• Licenses can be purchased per-user.
  • Multiple aliases per mailbox
  • Ability to backup mailbox and restore to individual emails

CONS:

  • Can be expensive
  • Setup and maintenance requires specialized knowledge.

WHO SHOULD USE HOSTED EXCHANGE or MICROSOFT OFFICE 365?

  • If you want the benefits and functionality of Exchange server, but a more simple, streamlined experience.
  • If you want to avoid the licensing costs of a full Exchange server and only want to pay on a per-user basis.

WHICH ONE IS THE BEST CHOICE?

Your email is just as important as any of your other IT services, so you will want to make sure you’re getting the best value for money, as well as the best possible service. There are lots of free email options out on the market, but does it make sense to use them if you’re running a serious business?

BENEFITS OF PAID EMAIL SERVICES

Paying for an email service means that you can easily send emails through your own domain, so you can have a professional email address like yourname@yourdomain.com. It makes your company look professional, and make your service seem more credible. What’s more, it’s relatively easy to set up a basic email service, and many paid providers can automate the set up for you.

If you pay to host your email through private server hosting, or through a service like Google Apps or Office 365 then you will also get a more reliable service compared to free email hosting. You will also have dedicated customer service and support, plus the server you choose to host with most likely has higher security in place and email filtering to help reduce the amount of spam and viruses and malware you will receive.

Additionally, services like Office 365 offer extras such as cloud storage, and email access on the go, which can be particularly useful if you need to access your email remotely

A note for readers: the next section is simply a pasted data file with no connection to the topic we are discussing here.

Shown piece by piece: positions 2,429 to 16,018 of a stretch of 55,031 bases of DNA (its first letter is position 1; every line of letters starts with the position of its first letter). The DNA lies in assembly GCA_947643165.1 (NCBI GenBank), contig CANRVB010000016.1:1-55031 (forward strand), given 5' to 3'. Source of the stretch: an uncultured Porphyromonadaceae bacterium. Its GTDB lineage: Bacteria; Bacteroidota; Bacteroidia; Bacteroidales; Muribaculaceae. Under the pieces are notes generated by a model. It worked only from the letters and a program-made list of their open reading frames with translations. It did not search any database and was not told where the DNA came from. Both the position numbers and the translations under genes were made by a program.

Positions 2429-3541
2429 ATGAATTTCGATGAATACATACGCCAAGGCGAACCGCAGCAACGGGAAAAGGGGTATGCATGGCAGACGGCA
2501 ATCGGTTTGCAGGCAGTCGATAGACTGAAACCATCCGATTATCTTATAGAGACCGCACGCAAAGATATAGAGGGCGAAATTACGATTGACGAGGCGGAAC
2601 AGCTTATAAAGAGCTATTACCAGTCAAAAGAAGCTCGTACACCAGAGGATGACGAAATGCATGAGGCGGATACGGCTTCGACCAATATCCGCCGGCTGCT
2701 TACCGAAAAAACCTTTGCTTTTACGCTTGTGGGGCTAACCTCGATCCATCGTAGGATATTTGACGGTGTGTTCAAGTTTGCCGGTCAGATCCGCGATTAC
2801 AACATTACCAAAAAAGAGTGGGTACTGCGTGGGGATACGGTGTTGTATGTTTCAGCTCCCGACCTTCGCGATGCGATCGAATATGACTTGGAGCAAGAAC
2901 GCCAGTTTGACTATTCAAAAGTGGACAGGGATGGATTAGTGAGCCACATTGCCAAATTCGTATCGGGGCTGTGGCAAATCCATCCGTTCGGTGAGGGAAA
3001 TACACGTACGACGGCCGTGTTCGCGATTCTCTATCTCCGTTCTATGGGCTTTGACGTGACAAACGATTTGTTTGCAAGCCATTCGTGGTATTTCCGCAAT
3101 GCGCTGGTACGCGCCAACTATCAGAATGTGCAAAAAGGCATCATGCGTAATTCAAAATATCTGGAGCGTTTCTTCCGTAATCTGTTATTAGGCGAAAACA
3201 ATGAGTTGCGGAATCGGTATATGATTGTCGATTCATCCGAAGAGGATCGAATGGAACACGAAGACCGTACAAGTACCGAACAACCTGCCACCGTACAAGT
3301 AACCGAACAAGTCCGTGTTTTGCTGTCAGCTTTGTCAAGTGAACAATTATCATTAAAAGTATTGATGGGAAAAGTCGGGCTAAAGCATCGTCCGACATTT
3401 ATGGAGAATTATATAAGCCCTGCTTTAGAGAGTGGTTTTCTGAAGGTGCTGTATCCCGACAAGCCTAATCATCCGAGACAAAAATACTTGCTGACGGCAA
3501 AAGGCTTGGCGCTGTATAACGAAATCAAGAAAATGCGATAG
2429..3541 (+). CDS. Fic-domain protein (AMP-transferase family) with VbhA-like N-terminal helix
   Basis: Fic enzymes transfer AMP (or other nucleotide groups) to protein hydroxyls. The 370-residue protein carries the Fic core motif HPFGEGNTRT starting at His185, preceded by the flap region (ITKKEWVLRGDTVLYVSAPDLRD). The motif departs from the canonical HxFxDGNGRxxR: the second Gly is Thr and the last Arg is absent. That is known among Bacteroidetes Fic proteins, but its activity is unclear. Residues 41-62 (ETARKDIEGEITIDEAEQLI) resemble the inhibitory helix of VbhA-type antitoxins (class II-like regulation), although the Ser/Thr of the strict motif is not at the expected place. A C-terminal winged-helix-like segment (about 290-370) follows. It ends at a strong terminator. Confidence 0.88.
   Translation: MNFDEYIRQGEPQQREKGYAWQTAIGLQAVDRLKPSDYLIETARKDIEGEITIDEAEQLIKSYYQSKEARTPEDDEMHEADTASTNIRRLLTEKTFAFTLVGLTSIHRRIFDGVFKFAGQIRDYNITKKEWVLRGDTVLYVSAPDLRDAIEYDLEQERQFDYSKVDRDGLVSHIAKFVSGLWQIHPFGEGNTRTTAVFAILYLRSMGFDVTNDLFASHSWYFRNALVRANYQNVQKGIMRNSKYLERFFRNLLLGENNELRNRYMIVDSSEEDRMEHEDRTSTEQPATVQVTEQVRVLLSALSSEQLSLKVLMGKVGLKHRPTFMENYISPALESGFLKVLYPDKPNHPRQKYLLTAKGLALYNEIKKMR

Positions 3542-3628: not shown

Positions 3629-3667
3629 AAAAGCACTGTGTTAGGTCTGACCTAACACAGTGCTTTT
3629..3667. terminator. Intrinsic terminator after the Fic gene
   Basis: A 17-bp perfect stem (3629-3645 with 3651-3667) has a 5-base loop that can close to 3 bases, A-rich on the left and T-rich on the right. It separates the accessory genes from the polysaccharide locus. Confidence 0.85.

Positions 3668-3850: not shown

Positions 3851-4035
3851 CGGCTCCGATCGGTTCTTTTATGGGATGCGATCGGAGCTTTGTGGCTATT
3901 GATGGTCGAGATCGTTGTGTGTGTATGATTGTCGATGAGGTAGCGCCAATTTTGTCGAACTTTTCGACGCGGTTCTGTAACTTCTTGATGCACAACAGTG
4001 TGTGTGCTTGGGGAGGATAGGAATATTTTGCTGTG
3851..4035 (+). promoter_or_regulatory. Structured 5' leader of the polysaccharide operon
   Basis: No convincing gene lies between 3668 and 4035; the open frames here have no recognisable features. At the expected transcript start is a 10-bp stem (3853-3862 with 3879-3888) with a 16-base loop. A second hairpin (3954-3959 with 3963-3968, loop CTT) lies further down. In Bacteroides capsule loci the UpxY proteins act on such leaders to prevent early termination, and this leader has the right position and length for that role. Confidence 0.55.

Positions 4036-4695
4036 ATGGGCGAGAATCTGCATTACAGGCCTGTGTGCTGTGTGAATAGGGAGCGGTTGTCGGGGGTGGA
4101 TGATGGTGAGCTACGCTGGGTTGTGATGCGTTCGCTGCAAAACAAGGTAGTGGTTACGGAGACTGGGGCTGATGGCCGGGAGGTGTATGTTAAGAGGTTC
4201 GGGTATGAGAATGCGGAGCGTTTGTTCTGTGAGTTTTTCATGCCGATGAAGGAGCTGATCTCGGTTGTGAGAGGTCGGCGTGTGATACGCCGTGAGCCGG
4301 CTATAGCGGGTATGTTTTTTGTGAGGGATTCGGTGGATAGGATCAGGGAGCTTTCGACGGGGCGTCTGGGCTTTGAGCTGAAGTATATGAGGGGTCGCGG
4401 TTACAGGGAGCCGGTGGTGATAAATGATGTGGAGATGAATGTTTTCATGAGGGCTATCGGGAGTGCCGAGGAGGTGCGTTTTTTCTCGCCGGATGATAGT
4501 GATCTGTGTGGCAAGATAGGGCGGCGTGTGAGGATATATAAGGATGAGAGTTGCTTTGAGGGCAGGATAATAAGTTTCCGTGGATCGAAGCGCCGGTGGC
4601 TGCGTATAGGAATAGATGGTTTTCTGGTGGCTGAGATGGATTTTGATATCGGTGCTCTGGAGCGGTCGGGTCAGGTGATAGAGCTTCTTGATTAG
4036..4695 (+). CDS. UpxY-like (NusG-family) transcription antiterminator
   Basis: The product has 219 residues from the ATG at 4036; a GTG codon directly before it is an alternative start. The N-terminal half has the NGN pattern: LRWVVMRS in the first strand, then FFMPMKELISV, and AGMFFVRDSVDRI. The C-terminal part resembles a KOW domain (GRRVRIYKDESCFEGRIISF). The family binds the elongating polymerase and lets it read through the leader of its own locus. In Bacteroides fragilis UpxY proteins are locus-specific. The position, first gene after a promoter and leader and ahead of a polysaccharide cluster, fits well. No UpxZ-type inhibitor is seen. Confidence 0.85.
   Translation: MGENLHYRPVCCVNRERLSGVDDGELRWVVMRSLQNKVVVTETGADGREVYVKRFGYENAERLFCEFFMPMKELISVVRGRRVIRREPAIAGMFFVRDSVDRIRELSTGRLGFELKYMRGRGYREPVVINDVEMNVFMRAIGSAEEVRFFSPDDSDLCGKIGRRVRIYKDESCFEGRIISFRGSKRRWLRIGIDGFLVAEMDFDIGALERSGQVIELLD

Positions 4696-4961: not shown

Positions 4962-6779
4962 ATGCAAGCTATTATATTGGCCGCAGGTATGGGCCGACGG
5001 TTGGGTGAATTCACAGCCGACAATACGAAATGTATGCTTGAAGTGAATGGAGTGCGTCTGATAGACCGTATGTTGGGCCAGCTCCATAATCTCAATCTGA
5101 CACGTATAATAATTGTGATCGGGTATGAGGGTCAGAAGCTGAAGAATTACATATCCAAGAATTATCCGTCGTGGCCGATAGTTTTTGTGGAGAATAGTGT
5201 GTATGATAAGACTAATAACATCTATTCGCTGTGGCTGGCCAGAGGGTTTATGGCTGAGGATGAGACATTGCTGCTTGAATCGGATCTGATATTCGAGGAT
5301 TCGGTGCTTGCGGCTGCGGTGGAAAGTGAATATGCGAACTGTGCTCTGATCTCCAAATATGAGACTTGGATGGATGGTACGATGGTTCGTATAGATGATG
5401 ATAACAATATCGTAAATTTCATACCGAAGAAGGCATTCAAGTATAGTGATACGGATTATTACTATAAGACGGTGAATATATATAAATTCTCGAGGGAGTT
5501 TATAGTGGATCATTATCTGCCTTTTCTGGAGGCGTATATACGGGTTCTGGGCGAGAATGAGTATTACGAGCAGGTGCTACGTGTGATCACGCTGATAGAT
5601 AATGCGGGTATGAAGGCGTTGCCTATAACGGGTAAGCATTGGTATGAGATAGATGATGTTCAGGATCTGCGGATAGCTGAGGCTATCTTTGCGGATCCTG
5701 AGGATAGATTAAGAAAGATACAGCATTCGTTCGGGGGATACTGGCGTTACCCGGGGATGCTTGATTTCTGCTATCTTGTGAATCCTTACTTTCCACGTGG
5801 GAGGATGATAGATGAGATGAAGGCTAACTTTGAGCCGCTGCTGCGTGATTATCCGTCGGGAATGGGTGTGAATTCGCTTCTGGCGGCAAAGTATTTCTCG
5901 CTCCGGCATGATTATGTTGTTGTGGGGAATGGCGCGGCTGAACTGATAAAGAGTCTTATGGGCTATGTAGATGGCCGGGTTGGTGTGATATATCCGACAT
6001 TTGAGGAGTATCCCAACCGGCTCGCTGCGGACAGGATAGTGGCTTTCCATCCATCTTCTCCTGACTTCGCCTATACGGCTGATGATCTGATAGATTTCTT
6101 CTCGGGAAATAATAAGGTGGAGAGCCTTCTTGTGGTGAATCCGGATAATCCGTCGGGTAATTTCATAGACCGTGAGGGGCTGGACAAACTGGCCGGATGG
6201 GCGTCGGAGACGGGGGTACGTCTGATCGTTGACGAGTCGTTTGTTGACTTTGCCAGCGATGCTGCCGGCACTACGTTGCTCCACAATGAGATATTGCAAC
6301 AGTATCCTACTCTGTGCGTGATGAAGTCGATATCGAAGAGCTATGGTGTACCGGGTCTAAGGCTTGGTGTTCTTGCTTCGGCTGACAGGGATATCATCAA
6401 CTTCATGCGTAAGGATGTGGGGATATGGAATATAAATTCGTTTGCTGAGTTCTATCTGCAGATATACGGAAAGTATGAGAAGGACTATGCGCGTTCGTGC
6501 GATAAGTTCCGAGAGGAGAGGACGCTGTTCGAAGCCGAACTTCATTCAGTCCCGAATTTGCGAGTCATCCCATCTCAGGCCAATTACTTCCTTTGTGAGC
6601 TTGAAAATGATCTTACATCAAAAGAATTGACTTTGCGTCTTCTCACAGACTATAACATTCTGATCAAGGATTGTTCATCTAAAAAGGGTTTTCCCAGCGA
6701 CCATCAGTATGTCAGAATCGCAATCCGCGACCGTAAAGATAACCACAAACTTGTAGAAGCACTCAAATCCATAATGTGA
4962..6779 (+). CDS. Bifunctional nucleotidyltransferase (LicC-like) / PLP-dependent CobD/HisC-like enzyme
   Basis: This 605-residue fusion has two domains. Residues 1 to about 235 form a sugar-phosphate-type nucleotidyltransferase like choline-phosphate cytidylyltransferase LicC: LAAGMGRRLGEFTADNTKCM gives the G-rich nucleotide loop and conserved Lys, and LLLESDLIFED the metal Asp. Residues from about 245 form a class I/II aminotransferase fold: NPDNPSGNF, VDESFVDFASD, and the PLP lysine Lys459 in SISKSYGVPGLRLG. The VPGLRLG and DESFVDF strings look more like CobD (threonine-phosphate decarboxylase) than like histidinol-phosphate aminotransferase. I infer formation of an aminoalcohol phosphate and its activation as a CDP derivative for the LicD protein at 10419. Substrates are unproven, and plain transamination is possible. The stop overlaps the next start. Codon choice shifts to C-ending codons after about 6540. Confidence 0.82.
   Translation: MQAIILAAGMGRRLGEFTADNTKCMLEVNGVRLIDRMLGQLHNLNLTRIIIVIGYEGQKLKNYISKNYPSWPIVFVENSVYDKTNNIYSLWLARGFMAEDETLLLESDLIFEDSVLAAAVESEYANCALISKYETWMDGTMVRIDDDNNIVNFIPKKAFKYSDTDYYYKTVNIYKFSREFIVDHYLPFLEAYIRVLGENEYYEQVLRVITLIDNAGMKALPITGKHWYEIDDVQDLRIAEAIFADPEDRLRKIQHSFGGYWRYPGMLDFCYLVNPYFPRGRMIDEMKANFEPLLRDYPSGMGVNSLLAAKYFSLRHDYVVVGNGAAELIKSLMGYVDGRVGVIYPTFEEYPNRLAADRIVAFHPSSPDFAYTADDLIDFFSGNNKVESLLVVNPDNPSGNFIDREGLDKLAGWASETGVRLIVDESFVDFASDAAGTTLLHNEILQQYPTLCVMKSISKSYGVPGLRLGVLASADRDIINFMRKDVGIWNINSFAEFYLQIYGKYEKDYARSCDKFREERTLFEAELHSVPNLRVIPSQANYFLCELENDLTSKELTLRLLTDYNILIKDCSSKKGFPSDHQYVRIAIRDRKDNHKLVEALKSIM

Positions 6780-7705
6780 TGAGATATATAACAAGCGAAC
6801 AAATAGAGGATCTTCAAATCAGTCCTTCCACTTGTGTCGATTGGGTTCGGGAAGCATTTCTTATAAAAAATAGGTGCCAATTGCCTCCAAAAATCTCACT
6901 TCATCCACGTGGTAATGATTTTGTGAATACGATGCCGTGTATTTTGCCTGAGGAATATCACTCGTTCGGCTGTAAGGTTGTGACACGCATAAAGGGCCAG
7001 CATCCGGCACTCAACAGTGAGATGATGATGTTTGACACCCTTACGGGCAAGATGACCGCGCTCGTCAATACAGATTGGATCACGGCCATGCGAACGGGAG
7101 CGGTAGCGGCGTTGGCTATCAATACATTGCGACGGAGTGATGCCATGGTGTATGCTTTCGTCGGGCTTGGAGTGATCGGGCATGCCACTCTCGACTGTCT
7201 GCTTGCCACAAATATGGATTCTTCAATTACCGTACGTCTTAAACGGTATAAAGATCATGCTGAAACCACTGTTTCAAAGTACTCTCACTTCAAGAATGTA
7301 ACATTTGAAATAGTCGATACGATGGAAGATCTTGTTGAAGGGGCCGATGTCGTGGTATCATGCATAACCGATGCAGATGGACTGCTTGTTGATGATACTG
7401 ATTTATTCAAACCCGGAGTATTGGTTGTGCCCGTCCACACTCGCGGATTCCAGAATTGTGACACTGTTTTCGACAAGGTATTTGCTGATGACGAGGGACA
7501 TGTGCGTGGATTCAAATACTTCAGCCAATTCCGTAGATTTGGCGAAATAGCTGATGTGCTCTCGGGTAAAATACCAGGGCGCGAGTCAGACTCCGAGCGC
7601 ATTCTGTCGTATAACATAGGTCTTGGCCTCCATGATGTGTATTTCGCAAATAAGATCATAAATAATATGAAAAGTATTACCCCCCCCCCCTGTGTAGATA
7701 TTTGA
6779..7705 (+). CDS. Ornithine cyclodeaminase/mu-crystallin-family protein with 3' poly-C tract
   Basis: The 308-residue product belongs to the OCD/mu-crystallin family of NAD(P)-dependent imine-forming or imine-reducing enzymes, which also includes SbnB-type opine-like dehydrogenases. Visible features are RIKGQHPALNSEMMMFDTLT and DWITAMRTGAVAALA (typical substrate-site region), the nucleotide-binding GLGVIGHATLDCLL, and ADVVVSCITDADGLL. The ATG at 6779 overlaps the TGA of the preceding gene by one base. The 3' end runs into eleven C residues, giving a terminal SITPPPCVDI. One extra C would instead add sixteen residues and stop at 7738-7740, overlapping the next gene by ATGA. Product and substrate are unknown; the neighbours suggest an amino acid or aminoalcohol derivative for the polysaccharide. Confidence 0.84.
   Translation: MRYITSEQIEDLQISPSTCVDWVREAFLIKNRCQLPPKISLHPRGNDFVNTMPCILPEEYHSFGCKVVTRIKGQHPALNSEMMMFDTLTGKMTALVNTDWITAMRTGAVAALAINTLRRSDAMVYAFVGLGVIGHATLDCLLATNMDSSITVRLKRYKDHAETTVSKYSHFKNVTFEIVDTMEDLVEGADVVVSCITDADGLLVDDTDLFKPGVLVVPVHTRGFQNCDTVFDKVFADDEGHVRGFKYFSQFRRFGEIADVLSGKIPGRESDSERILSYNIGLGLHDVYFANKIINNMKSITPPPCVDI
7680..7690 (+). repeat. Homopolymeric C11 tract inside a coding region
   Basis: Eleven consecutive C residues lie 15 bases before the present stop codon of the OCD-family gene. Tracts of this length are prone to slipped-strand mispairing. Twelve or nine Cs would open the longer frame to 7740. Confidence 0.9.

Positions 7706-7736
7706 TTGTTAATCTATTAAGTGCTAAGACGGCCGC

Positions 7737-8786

WHY BOTHER WITH FREE SERVICES?

The big pro is that the service is free. And if you’re a small business who doesn’t rely heavily on emails to get in touch with clients or customers, then you can most likely get by for a while by using a free email client.

You don’t necessarily have to live with a @gmail.com or @hotmail.com domain either. Gmail easily lets you use their system to send emails from your own domain, however you need to have your domain set up to handle this. You can usually use the free email services that your DNS offers (usually limited to one free email address) to set up the initial server and then filter it through Gmail, Yahoo or whatever free service you want to use.

However, these free services aren’t as secure so are more open to hacking, and you’ll have to live with adverts in and around your emails. What’s more, if you’re on a free service, then your email may not be routed with priority, meaning that you may not experience an instantaneous conversation.

PRICING AND SERVICES

If you’re a small business, the attraction of a free email service might be the fact that you don’t have to deal with the cost of running an email server. However, it can cost very little to host email. Some private servers can cost a few pounds a month, and full packages such as Google Apps or Office 365 cost between £3 and £7 per month for a basic package. So cost should never be a factor when it comes to ensuring the best email service for your company!

Contact us for a quote for any of the Microsoft Hosted Exchange or Office 365 services.

Shame, confusion among office workers spur record numbers to give in to ransomware

Posted by : https://businessinsights.bitdefender.com/shame-confusion-among-office-workers-spur-record-numbers-to-give-in-to-ransomware

By Filip Truta on Nov 03, 2017

Despite considerable efforts to educate employees on ransomware, many organizations still don’t know what to do if they fall victim to an attack. According to part 2 of Intermedia’s Data Vulnerability Report, a record number of employees and their employers are paying ransom.

Intermedia examined the security habits of more than 1,000 office workers and found that many employees draw a blank when they fall victim to ransomware. About a third admit they aren’t even familiar with ransomware.

“This lack of awareness, paired with massive global attacks such as WannaCry and Petya (and new strains popping up all the time like Bad Rabbit), is resulting in both employees and employers paying ransoms in record numbers,” according to the report.

Although 70% of office workers say their organization regularly communicates about cyber threats, employees aren’t always told what exactly to do if hackers seize their computer. Because of this, employees hit by ransomware sometimes take matters into their own hands, which can dramatically undermine their organizations’ security efforts.